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Pacific Storm and Surf Forecast
Updated: Thursday, March 27, 2014 9:22 PM
Buoys: Northern CA - Southern CA - Hawaii - Gulf of Alaska - Pacific Northwest
Buoy Forecast:
Northern CA - Southern CA - Hawaii - Gulf of Alaska - Pacific Northwest
Pacific Links:  Atmospheric Models - Buoy Data - Current Weather - Wave Models
Forecast Archives: Enter Here
A chronology of recent Mavericks Underground forecasts. Once you enter, just click on the HTML file forecast you want to review (e.g. 073199.html equals July 31, 1999). To view the maps that correspond to that forecast date, select the html file labeled 073199 maps.html
Swell Potential Rating = 3.1 - California & 2.5 - Hawaii
Using the 'Winter' Scale
(See Swell Category Table link at bottom of page)
Probability for presence of largest swells in near-shore waters of NCal, SCal or Hawaii.    

Issued for Week of Monday 3/24 thru Sun 3/30

Swell Potential Rating Categories
5 = Good probability for 3 or more days of Significant swell
4 = Good probability for 1-2 days of Significant swell
3 = Good probability for 3 or more days of Intermediate/Advanced swell
2 = Good probability for  1-2 days of
Intermediate/Advanced swell
1 = Good probability for 3 or more days of Impulse or Windswell
0 = Low probability for 1-2 days of Impulse or Windswell   

Another Gulf Gale On-Track
North Dateline Swell and Japan Swell Forecast for Hawaii

 

Swell Classification Guidelines

Significant: Winter - Swell 8 ft @ 14 secs or greater (11+ ft faces) for 8+ hours (greater than double overhead).
Summer
- Head high or better.
Advanced: Winter - Swell and period combination capable of generating faces 1.5 times overhead to double overhead (7-10 ft)
Summer - Chest to head high.
Intermediate/Utility Class: Winter - Swell and period combination generating faces at head high to 1.5 times overhead (4-7 ft).
Summer
- Waist to chest high.
Impulse/Windswell: Winter - Swell and period combination generating faces up to head high (1-4 ft) or anything with a period less than 11 secs.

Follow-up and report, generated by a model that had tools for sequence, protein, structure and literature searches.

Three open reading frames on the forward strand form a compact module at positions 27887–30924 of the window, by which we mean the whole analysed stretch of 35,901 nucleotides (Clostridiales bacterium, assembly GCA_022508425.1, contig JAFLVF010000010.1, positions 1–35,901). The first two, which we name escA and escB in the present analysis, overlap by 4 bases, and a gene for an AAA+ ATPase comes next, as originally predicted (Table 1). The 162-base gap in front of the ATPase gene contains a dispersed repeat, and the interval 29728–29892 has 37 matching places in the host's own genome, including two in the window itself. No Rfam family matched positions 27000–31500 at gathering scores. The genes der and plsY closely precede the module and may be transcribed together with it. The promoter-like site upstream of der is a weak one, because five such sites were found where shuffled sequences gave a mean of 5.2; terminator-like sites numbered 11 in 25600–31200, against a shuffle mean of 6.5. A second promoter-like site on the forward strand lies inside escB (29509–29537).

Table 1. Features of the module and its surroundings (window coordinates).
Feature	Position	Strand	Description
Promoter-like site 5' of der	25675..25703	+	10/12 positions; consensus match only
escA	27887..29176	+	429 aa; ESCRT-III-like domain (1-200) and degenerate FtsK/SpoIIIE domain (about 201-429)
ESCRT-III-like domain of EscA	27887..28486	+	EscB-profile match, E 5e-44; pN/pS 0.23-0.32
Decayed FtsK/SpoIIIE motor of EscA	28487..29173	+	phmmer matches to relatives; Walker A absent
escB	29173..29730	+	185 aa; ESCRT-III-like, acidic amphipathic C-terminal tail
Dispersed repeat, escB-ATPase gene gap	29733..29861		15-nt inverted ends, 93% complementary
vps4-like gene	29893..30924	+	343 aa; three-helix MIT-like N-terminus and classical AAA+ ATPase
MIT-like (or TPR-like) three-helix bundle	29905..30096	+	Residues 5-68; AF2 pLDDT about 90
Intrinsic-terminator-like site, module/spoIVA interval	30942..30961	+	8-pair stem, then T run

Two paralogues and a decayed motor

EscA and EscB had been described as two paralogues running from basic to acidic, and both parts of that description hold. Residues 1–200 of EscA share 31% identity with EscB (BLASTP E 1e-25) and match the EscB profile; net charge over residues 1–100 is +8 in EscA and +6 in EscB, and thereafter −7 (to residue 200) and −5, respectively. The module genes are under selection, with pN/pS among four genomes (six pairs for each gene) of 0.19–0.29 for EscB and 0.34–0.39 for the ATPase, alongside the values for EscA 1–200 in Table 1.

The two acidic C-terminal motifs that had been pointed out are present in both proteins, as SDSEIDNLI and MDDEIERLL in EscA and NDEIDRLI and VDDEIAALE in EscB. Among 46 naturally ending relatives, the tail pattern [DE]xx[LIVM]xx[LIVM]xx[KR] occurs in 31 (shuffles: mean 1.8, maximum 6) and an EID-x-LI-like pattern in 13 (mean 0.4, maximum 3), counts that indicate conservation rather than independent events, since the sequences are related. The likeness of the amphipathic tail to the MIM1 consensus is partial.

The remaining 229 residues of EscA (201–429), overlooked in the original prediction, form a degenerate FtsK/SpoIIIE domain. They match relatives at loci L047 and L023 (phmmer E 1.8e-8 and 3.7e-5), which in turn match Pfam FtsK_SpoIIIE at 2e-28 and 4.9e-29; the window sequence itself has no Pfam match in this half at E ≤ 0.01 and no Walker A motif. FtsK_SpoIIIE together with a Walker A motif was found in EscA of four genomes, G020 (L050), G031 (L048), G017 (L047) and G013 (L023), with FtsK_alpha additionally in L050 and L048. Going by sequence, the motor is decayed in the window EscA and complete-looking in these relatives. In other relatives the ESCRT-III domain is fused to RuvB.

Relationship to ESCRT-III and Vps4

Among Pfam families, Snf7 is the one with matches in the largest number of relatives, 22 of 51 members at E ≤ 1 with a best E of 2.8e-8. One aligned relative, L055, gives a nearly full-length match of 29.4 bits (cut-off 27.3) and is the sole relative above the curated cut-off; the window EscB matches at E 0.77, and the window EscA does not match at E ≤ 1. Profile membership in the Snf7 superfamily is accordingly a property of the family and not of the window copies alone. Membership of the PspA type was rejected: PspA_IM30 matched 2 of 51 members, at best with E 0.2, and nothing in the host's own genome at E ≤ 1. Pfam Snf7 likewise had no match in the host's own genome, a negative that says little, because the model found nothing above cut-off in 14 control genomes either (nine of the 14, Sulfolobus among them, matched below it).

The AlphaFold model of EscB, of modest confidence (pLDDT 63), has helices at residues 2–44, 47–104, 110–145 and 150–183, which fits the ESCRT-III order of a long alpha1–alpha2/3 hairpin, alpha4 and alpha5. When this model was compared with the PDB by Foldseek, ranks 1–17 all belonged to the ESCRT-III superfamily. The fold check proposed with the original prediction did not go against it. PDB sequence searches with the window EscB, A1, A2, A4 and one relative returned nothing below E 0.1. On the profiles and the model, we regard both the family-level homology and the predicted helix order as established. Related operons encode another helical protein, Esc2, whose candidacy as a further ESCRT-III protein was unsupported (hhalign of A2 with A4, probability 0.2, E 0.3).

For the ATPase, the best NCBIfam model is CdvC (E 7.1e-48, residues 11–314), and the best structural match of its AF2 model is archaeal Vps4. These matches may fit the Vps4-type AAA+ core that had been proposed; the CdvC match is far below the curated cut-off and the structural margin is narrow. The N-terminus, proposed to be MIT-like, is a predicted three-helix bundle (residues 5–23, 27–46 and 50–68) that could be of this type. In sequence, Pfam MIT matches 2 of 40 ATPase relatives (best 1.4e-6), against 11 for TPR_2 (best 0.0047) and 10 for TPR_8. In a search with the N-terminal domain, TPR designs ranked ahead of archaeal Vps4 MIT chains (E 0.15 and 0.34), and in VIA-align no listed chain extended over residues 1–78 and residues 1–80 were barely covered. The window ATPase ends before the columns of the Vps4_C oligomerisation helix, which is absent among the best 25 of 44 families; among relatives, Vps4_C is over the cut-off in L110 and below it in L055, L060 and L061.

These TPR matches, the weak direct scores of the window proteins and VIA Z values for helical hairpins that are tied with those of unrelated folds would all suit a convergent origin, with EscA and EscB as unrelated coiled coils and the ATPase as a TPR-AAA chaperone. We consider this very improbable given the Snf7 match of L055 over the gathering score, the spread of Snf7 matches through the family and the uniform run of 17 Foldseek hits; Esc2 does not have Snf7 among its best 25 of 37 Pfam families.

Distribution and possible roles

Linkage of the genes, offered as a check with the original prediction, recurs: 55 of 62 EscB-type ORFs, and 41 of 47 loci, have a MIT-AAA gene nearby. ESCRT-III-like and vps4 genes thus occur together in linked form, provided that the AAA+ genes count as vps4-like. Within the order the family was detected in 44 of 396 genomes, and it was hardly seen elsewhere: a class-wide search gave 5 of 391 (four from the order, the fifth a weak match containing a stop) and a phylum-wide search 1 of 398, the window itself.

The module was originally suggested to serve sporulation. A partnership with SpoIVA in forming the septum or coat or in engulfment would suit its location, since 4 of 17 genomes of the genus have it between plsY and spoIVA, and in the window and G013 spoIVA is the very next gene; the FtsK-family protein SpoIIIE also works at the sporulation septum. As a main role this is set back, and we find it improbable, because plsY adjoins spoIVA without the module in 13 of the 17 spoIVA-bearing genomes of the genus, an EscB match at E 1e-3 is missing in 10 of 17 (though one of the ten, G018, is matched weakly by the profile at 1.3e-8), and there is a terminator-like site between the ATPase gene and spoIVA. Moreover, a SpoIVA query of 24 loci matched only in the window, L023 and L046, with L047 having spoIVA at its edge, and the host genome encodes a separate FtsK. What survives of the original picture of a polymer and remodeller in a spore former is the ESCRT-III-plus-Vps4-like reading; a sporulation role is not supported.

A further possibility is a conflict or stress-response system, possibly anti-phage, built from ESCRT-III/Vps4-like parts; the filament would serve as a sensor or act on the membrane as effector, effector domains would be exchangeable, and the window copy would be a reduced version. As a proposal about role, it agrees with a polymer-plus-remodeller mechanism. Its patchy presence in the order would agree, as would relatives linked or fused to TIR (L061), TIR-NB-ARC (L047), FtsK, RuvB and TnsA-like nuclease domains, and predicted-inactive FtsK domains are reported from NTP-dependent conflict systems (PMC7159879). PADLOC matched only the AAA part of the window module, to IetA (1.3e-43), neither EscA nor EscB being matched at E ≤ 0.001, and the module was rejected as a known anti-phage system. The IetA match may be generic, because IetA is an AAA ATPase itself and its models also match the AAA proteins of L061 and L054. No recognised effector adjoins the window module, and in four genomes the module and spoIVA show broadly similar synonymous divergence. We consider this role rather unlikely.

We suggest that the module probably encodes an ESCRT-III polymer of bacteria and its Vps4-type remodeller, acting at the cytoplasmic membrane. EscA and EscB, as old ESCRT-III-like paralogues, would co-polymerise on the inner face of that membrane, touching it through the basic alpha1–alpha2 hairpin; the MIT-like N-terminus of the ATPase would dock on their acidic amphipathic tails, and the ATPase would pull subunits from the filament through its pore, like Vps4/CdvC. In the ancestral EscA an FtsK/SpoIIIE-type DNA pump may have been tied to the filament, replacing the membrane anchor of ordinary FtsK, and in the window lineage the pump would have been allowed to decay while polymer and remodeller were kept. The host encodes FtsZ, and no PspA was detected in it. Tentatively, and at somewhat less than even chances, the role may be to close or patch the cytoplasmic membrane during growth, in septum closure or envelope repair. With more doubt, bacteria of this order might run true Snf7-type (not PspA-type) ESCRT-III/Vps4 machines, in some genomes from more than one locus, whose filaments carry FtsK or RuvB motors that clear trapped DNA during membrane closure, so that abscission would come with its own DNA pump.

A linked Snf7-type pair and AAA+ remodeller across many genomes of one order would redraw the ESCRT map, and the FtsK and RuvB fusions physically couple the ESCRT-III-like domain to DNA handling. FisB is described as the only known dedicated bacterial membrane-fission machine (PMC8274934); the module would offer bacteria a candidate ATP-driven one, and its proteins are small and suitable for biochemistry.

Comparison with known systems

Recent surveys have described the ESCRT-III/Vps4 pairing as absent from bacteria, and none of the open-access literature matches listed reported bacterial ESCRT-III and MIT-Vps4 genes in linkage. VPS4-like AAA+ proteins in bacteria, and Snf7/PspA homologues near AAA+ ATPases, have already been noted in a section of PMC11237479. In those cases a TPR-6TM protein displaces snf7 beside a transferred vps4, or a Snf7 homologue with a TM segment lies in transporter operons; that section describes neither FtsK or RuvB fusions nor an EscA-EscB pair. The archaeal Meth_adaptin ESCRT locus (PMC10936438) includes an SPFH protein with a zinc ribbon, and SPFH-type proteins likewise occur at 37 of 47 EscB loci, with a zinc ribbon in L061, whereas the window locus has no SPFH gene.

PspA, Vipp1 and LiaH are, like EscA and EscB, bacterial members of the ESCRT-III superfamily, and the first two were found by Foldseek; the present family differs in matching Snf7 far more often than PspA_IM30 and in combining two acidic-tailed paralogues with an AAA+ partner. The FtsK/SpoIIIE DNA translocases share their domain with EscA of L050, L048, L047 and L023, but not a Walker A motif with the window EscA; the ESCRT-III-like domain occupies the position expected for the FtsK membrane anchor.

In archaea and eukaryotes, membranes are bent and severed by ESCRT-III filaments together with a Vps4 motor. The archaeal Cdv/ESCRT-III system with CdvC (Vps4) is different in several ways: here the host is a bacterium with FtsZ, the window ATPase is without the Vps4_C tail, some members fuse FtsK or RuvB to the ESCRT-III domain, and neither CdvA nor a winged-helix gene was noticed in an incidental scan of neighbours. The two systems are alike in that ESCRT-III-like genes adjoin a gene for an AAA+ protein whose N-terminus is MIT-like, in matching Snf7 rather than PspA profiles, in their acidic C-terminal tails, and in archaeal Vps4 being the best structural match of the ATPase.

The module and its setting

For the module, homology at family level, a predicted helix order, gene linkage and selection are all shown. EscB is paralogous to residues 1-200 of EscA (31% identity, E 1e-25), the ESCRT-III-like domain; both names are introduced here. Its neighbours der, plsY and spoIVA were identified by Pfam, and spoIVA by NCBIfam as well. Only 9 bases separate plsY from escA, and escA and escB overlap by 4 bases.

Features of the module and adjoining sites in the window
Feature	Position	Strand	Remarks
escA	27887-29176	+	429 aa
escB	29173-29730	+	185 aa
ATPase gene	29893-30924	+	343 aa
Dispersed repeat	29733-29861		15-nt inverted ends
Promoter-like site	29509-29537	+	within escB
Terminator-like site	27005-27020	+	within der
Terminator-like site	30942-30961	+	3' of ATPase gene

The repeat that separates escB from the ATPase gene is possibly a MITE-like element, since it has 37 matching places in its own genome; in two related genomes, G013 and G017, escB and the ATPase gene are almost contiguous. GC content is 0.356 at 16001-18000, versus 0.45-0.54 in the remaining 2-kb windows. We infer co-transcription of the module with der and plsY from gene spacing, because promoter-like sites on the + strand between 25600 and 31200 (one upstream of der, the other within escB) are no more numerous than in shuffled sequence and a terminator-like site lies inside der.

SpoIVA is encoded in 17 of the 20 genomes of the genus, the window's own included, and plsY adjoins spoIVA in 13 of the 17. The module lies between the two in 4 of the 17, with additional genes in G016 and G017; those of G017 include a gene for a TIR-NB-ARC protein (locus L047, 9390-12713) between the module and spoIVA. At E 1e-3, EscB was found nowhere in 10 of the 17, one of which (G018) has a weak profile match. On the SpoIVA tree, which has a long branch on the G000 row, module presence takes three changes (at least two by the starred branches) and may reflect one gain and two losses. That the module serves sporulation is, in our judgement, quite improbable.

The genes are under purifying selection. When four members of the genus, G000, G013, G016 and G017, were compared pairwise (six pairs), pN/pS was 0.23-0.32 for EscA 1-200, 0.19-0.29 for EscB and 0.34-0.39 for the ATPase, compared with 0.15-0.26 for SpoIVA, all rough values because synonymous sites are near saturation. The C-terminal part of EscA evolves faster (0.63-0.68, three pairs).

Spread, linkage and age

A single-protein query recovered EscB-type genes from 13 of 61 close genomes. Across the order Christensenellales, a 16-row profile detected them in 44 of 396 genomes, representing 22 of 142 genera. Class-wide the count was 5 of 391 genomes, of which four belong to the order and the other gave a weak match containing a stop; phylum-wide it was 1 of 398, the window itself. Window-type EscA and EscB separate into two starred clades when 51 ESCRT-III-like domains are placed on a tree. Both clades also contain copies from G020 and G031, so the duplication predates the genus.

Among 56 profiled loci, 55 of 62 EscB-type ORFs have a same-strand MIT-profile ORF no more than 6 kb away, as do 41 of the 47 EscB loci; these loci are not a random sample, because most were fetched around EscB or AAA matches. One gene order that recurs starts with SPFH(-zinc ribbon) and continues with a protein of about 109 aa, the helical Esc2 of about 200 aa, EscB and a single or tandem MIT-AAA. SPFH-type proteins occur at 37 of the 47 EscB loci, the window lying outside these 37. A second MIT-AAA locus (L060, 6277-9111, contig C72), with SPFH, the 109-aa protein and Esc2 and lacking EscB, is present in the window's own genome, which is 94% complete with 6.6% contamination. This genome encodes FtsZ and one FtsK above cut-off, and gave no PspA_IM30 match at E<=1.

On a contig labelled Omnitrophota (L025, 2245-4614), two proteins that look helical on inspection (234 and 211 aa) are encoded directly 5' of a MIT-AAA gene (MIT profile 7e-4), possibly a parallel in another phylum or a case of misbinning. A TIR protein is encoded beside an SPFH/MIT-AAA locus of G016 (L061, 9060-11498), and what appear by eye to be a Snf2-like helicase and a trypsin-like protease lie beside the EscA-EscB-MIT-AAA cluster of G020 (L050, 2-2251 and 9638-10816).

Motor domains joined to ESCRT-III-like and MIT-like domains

Summer
- up to waist high swell. Also called 'Background' swell.

 

PACIFIC OVERVIEW
Current Conditions
On Thursday
(3/27) in North and Central CA local Gulf swell was still hitting producing waves at 2 ft overhead and reasonably lined up but with much local lump and south warble running through it. Down in Santa Cruz surf was chest high and washing around with westerly lump on it. Whitecaps were outside the kelp. In Southern California up north surf was waist to maybe chest high and reasonably well lined up but heavily textured. Down south waves were waist to chest high and weak and chopped with onshores in control. Hawaii's North Shore was getting residual swell with waves chest to head high and clean and fun looking, but nothing remarkable. The South Shore was flat. Exposed breaks on the East Shore were getting wrap around energy at waist high and chopped with easterly trades in effect.   

See QuikCASTs for the 5 day surf overview or read below for the detailed view.

Meteorological Overview
Remnants of a gale previously on the dateline tracked east and redeveloped in the Gulf of Alaska Sun-Mon (3/23) generating a small area of 25-26 ft seas. Swell peak on Wed (3/26) and is to fade through the weekend for California. Another small gale is developing in the Gulf on Wed-Sat (3/29) pushing east with 23-24 ft seas forecast targeting the US West Coast. Possible swell for California for the weekend. Another system is forecast for the Northern Dateline Mon-Tues (4/1) with 30-32 ft seas aimed mainly east with residual energy reaching the Gulf on Wed (4/2) with 26 ft seas fading. Possible swell mainly for the US West Coast. And another small system is forecast off the Southern Kurils on Tues (4/1) with 30 ft seas targeting primarily Hawaii. So a little more swell seems likely.   

Details below...

Note: NDBC has updated their buoy maintenance plan. 46012, 46013, 46026 are scheduled for maintenance in May and 46014 in Aug 2014. There is no schedule for 46059 or 46006. Most operations are focused on repairing the TAO array (ENSO monitoring buoys on the equator) and fortunately the first set of those buoys (at 95W and 110W) are back in operation (see MJO/ENSO update below). TAO Buoys at 125W are scheduled for April. 

SHORT- TERM FORECAST
Current marine weather and wave analysis plus forecast conditions for the next 72 hours

North Pacific

Overview